It isn’t really a question of rare or specific, but ranges. And the critical moment in terms of the question of multicellular vs unicellular is probably very early on, close to the moment of transition from free living individual cells to the very first multicellular groupings with the very first inklings of specialization. Thus – what are the range of niches in which remaining unicellular outcompetes the earliest first steps towards multicellularity, and what are the ranges of possible niches where the reverse is true, and what is the relative ratios of one to the other, among the range of different planetary environments out there?

    On earth this seems to have required the oxygenation of the atmosphere – both for energy generation and creation of structural support (oxygen is a critical component of both collagen and lignin for example) needed to build big complicated bodies. Before this happened, it is possible that multicellularity was fully genetically possible, but any variants that moved in that direction got outcompeted by their simpler, faster replicating unicellular relatives with lower energy demands.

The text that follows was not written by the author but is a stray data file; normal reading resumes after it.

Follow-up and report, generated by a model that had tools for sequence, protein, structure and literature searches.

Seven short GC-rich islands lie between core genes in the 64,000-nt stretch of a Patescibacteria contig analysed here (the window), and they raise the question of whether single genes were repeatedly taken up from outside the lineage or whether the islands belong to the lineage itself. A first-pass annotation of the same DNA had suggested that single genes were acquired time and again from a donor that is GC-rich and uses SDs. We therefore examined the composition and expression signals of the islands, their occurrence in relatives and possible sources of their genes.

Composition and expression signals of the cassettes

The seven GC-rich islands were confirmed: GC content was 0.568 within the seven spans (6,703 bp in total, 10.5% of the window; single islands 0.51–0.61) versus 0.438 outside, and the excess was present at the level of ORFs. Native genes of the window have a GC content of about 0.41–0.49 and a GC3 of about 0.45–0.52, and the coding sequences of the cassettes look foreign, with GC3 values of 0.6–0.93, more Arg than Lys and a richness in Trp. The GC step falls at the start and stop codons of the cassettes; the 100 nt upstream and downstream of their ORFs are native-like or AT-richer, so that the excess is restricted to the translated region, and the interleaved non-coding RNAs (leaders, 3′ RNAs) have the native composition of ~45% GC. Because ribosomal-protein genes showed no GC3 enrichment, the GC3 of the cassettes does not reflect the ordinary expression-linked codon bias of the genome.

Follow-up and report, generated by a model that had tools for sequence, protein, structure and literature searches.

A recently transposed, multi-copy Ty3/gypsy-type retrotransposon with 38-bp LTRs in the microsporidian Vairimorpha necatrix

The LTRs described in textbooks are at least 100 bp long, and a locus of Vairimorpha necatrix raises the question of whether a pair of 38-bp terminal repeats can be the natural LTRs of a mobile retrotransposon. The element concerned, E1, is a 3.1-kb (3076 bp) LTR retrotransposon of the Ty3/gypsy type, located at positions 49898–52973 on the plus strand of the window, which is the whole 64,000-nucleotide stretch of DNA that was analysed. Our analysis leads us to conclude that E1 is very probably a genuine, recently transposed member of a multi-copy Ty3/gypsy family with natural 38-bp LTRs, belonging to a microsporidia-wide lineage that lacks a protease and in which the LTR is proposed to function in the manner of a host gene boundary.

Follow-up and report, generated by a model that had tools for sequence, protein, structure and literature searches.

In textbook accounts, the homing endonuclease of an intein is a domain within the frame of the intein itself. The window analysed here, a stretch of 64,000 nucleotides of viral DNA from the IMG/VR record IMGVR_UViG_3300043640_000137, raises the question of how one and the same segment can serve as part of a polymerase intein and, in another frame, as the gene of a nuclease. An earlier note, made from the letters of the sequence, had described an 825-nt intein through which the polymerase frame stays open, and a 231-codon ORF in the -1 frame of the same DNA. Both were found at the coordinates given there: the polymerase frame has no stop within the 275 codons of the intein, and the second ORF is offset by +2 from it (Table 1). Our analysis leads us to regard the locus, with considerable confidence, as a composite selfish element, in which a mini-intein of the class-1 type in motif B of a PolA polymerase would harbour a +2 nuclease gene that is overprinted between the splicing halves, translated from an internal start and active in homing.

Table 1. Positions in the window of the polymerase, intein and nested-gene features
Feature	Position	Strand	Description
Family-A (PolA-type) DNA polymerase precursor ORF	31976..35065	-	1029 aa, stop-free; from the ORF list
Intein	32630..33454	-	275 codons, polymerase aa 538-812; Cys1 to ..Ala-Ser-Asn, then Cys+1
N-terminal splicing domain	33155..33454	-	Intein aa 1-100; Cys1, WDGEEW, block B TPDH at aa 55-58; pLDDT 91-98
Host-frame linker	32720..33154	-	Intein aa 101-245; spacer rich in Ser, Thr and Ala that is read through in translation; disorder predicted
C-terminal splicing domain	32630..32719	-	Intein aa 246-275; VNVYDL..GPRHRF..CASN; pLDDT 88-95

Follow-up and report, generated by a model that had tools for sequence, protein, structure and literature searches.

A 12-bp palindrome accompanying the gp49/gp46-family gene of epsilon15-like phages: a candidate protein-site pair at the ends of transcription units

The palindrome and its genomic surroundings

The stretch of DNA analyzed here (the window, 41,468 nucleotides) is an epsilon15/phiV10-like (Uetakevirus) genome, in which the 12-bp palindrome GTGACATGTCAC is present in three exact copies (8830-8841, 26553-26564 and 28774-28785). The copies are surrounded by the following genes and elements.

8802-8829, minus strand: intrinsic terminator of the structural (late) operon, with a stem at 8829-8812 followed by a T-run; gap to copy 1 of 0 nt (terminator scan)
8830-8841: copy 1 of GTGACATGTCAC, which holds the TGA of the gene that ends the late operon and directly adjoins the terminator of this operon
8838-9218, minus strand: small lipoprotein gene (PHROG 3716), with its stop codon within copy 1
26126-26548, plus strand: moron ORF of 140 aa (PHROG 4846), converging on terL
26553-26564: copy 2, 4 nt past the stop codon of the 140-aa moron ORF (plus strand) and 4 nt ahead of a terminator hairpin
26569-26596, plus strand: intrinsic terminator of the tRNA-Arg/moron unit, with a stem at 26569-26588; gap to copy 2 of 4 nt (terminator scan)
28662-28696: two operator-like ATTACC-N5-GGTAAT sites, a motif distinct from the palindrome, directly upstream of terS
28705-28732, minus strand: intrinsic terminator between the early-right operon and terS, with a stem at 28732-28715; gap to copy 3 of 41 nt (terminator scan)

So one question would be whether or not oxygen specifically is necessary or if other chemical process can substitute, and if so, how common/likely to arise are these chemical processes?

    And of course there are countless other similar questions that can be asked about other various aspects of what it takes/means to be multicellular.

    The only way we can ever really answer any of them is to find other biospheres, other examples of abiogenesis, and compare them with our own and each other.

  • amphiox March 15, 2010, 13:15

    “but I’m still left wondering why it took 3,500,000,000 years for the first technological species to arise”

    Various possibilies come to mind: